Coming-of-age drama set in 1961, when a British teen is swept off her feet by a sophisticated older man. The first half of the film is a charming as it celebrates art and culture through the eyes of a young girl who is experiencing it for the first time. Newcomer Carey Mulligan who plays our heroine, Jenny, has a sweet innocence that recalls Audrey Hepburn at times. Raises some interesting questions about the value of education, before it culminates in a moralizing finale.
Archive for October, 2009
Unnerving exploration of the psyche follows a controversial therapist who is treating the ex-wife of a husband who seeks to take custody of their daughter. Eerie, deliberately paced rumination on rage and its manifestations culminates in a memorable climax that is truly horrific. The graphic degeneration of the human body is a common theme in director David Cronenberg’s work and this film is no exception. His script is clearly influenced by the messy real life divorce from his first wife and the subsequent custody battle for their daughter.
Sorority house is terrorized by obscene phone caller. Then people start disappearing. Early slasher film is an influential slice of horror which actually predates Halloween by 4 years. Doesn’t seem particularly innovative today because of the hundreds of horror films that came after it. However this film does have some dramatically menacing scenes. Exploitative in the way most slasher films are, but it is particularly notable for the way it treats the murders with more gravity. A good horror film, just not a great one.
Fictional rock biopic follows the life of musician Brian Slade, based upon the life of David Bowie. Stylish period film beautifully recreates the British glam rock scene of the early ’70s. Sountrack features a pulsating score with dozens of performances of both new songs written for the film as well as actual compositions from the period. It all can get a bit MTV-style-over-substance at times, but visually striking film is so lavish and decadent, it succeeds in spite of itself. Director Todd Haynes clearly has a real love for the material that makes the film captivating. Sandy Powell rightfully received an Oscar nomination for her outstanding costumes.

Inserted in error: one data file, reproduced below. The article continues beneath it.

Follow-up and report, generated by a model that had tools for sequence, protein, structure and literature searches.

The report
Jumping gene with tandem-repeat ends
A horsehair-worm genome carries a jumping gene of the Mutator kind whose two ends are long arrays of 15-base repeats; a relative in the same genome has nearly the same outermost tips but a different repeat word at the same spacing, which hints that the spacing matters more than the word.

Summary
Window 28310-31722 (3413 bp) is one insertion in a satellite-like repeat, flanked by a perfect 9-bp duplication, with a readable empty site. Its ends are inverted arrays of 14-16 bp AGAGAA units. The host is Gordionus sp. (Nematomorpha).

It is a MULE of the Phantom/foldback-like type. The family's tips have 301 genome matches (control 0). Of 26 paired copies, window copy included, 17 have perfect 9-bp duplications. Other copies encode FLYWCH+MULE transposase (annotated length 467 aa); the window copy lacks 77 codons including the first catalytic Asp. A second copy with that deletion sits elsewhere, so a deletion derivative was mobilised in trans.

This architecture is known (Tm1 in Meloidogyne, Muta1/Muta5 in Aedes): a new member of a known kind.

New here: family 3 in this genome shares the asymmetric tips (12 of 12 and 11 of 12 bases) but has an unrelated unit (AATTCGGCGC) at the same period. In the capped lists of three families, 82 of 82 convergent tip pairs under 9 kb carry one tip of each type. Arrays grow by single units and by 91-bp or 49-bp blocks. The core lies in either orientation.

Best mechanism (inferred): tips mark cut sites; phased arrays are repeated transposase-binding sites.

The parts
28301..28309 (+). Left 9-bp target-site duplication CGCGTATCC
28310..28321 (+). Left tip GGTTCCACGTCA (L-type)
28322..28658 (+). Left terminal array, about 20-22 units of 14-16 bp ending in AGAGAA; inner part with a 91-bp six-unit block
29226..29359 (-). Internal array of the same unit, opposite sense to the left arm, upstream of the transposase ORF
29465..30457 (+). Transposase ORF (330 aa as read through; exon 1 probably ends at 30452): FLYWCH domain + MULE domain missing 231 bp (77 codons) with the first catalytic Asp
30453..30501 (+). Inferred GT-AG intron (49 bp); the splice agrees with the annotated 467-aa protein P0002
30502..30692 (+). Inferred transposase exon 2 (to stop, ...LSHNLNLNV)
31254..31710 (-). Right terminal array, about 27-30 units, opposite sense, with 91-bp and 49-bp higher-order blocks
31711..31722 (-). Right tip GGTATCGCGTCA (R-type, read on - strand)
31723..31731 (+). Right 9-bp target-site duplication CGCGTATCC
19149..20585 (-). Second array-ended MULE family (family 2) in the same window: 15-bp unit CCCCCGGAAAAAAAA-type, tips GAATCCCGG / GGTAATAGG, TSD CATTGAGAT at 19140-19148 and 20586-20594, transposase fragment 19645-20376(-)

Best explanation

Bleak does not even begin to describe Larry Gopnik’s existence, a professor who seeks advice from three different rabbis after his rather unexceptional life unravels in every possible way. Undeniably well crafted film with some nuanced acting, is completely undone by the barrage of misanthropic characters that populate the film. This dark, dark comedy is difficult to endure . An exercise in torture, it presents one oppressive event after another. Our feckless protagonist enjoys a few bright spots, but mostly his life, like this film, is a punishing chore.
Melancholy tale about a boy who, after misbehaving, imagines sailing away to an island inhabited by wild creatures. Author Maurice Sendak’s almost wordless book (it contained ten sentences) was memorable for its gorgeous pictures. Director Spike Jonze beautifully captures the look of the book and for that reason, the film is successful. However, the original children’s story had a sense of awe. In the film, his attempts to flesh out the story cause the creatures to come off as more depressing than wonderful. Although the film is visually stunning, the thematically dark tone will not please fans of the original book.
Satirical horror tale in the style of a comic book, interweaves four tales concerning Halloween night. Ensemble film is somewhat disjointed, however the script is surprisingly intelligent and has some very amusing scenes (as well as scares). Film’s lush, superior production values contradict its direct-to-video roots. Why was this release delayed for two years? A real Halloween gem.
Bizarre film noir about a jazz saxophonist and his wife who begin receiving mysterious video tapes from someone who appears to be filming them while they sleep. Typically Lynchian, surrealist film kicks off with one of the creepiest set ups ever filmed, then trashes that story and completely falls apart. Fascinating first half gives way to a narratively baffling second half. Identities change, characters disappear and sexual encounters occur without even a trace of eroticism. A deeply flawed film, but the initial neo-noir mood is so hypnotic and spooky, it cannot be dismissed.
Hilariously wacky black comedy about a department store salesman whose comfortable life is turned upside down after he is passed over for a promotion. A modern, hip sensibility is beautifully integrated with deeply serious events, in this thoroughly winning Spanish farce. Indeed his life spins so wildly out of control, the results are delightfully ridiculous. Actress Mónica Cervera is particularly effective as Lourdes, a co-worker he would rather have nothing to do with.
Drew Barrymore’s directorial debut is a light coming-of-age drama about “being yourself”. The message is not particularly earth shattering. In fact, it’s rather clichéd. Setting all of the action within the world of roller derby, does go a long way in making the story more interesting, however. And let’s not forget that cast, brimming with sincere and honest performances. The eclectic soundtrack is pretty nifty as well. A pleasant enough diversion, just not an especially memorable one.